“Don’t listen to him,” says the woman, touching my knee. “He just doesn’t like preachers. Thinks everyone’s out to save him! Like there’s anything left to save!” Everyone laughs at that, including the teased man.
I wanted to explain that “salvation” is one of the words Borg tackles. “Whenever Christianity emphasizes the afterlife as the reason for being Christian,” he warns, “the result is invariably a distortion of Christianity. It becomes a religion of requirements and rewards; the message is “Be a Christian now for the sake of heaven later”. It focuses our attention on the next life rather than on this world. It creates an in-group and an out-group; there are some who
meet the criterion and some who don’t.”
The word salvation is derived from the Latin word for safe and from the Middle English word salve which we use to describe a healing ointment, but also, when we hope to appease or soothe someone, or our conscience. If salvation is a product promised by an institution that asks only that we join the club, how come I’ve never felt anything close to “safe” or “salved” simply by becoming an exclusive member with privileges – even when I had an American Express card for work.
Borg addresses the “product” question this way: “… Our product is salvation as the twofold transformation of ourselves and the world… I think most people yearn for this. We yearn for the transformation of our lives – for a fuller connection with what is, from liberation from things that keep us in bondage.” We yearn for a better world for all of us to live in. That’s Christianity at its best he says. That’s any religion at its best.
I recently got a beautiful letter from a man who appreciates my writing. Two pages long, it ended on “the most important question: Are you saved?” It depends on what you mean by saved, I wanted to reply. If you mean do I accept Christ as my personal saviour, I guess I’m not. I don’t reject Christ. I certainly embrace Christ’s teachings about how to treat each other with compassion instead of aggression, when applied on a daily, sometimes hourly basis. Patience and kindness save me from my self-absorption, my worst self, my inflated ego. But, if I am open to their transformative powers, I am also saved by Buddha, the Mystics, the kindness of strangers and this morning’s spectacular sunrise. I am saved every time I listen to one of Page’s stories about an encounter with a critter in the park. I am also saved when I resist the urge to save others according to my specifications, when all that is required is that I listen intently and with an open heart.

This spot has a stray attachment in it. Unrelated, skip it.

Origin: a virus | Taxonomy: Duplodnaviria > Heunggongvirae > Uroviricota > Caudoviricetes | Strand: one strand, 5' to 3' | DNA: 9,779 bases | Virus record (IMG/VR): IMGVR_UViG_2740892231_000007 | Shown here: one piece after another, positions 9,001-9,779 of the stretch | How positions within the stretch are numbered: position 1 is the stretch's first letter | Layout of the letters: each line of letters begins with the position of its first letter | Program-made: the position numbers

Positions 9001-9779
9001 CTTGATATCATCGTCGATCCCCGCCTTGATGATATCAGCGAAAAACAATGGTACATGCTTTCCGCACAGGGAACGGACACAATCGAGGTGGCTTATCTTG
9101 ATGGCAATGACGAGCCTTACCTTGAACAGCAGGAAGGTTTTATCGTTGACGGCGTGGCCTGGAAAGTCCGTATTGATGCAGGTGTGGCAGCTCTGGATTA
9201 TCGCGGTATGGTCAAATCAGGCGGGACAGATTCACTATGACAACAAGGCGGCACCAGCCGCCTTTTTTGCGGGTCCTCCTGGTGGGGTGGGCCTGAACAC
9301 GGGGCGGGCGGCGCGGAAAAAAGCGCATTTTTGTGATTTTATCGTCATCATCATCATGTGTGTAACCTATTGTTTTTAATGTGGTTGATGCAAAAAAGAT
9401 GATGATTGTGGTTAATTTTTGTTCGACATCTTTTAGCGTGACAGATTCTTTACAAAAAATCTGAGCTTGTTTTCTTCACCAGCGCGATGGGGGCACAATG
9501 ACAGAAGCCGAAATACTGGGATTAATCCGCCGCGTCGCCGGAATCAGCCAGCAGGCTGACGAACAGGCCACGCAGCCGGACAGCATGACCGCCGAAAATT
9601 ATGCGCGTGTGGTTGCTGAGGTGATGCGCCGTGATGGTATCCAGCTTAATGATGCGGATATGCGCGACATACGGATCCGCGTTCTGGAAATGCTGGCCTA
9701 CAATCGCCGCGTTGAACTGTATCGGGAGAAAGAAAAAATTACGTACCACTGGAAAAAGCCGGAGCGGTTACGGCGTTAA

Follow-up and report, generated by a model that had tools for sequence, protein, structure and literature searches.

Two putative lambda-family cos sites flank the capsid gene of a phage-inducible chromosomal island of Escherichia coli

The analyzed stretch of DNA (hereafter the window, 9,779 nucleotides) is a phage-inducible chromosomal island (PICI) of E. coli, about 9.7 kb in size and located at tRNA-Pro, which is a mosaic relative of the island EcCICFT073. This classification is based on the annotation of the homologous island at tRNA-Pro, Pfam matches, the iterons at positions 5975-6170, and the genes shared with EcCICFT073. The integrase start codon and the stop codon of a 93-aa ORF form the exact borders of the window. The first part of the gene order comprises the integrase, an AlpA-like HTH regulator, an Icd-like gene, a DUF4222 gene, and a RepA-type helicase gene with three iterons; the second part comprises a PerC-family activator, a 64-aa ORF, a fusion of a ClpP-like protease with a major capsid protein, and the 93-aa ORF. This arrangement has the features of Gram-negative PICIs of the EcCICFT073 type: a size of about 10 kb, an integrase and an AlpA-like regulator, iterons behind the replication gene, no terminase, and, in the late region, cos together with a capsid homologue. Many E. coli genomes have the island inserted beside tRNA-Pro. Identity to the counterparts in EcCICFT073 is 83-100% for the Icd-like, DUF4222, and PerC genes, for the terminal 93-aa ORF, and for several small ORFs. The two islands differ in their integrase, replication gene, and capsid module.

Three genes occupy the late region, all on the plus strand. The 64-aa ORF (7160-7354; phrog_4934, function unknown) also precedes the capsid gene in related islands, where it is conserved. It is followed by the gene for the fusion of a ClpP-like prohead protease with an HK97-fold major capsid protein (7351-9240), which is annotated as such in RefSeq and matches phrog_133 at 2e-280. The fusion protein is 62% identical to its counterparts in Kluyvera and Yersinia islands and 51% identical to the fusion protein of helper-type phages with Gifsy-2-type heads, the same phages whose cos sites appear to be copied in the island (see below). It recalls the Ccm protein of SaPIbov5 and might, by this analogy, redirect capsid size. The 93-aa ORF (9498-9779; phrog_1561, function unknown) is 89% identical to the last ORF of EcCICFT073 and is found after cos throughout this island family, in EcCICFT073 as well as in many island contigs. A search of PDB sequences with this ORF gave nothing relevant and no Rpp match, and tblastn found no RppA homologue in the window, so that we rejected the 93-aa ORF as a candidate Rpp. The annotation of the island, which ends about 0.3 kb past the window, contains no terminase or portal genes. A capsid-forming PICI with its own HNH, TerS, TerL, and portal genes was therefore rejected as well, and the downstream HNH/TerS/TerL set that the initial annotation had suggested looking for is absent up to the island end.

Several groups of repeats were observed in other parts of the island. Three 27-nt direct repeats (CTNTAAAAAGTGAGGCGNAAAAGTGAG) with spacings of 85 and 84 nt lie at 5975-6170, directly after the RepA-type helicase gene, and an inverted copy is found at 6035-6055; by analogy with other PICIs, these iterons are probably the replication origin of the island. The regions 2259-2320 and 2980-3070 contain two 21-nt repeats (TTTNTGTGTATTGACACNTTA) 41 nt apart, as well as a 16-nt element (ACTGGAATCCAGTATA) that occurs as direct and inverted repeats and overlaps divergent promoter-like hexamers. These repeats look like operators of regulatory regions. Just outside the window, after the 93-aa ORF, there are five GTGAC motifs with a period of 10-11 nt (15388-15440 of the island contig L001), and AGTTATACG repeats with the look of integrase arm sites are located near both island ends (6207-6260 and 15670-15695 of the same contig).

I make a salve by making a paste of saving graces, careful what I use for ingredients. I can easily save the wrong things, treasuring them in my heart the way Mary treasured her son’s mysterious experiences – the sorrowful and the glorious. If not watchful I can hold tight to my chest all the resentments, condemnations, indignations, slights-perceived and otherwise- that make for a pinched and brittle demeanour. If not careful I can snatch free-floating anxieties out of the air and give them a home in my heart to nestle and grow. So I’m saving the good stuff. I’m saving up, not downward. I’m expanding my repertoire of soul-stirring songs to sing and exploring the landscape for more “happy places” to go to.
I just saw Ervin drive by the café. I’ll head over in a couple of days and fill him in on the stories I’ve saved while he was out of town: Mercy the cat died, in a manner befitting her name. Caitlin put a “for sale by auction” sign in the window of the café. We had 21 people at church last Sunday, that’s a record. The road to the Butte is flooded. They showed “Arrival” at the Palais Royale on Saturday, but the sound was bad. No crocus yet, but it’s certain I won’t win the pool – which is up to $100 – because I guessed 20th of April. It went up to 16 C when you were gone! The sunset that night looked like elevator-sized flames leaping from the horizon. I saved some rice pudding for you.
Madonna Hamel is a writer and performer. Her radio documentaries have won awards for CBC for whom she’s worked as writer, producer, reporter and broadcaster covering the arts, religion and current affairs for over 20 years in Quebec City, Winnipeg, Windsor, Toronto and Kelowna. Born a Westerner, she calls Val Marie, Sask. home.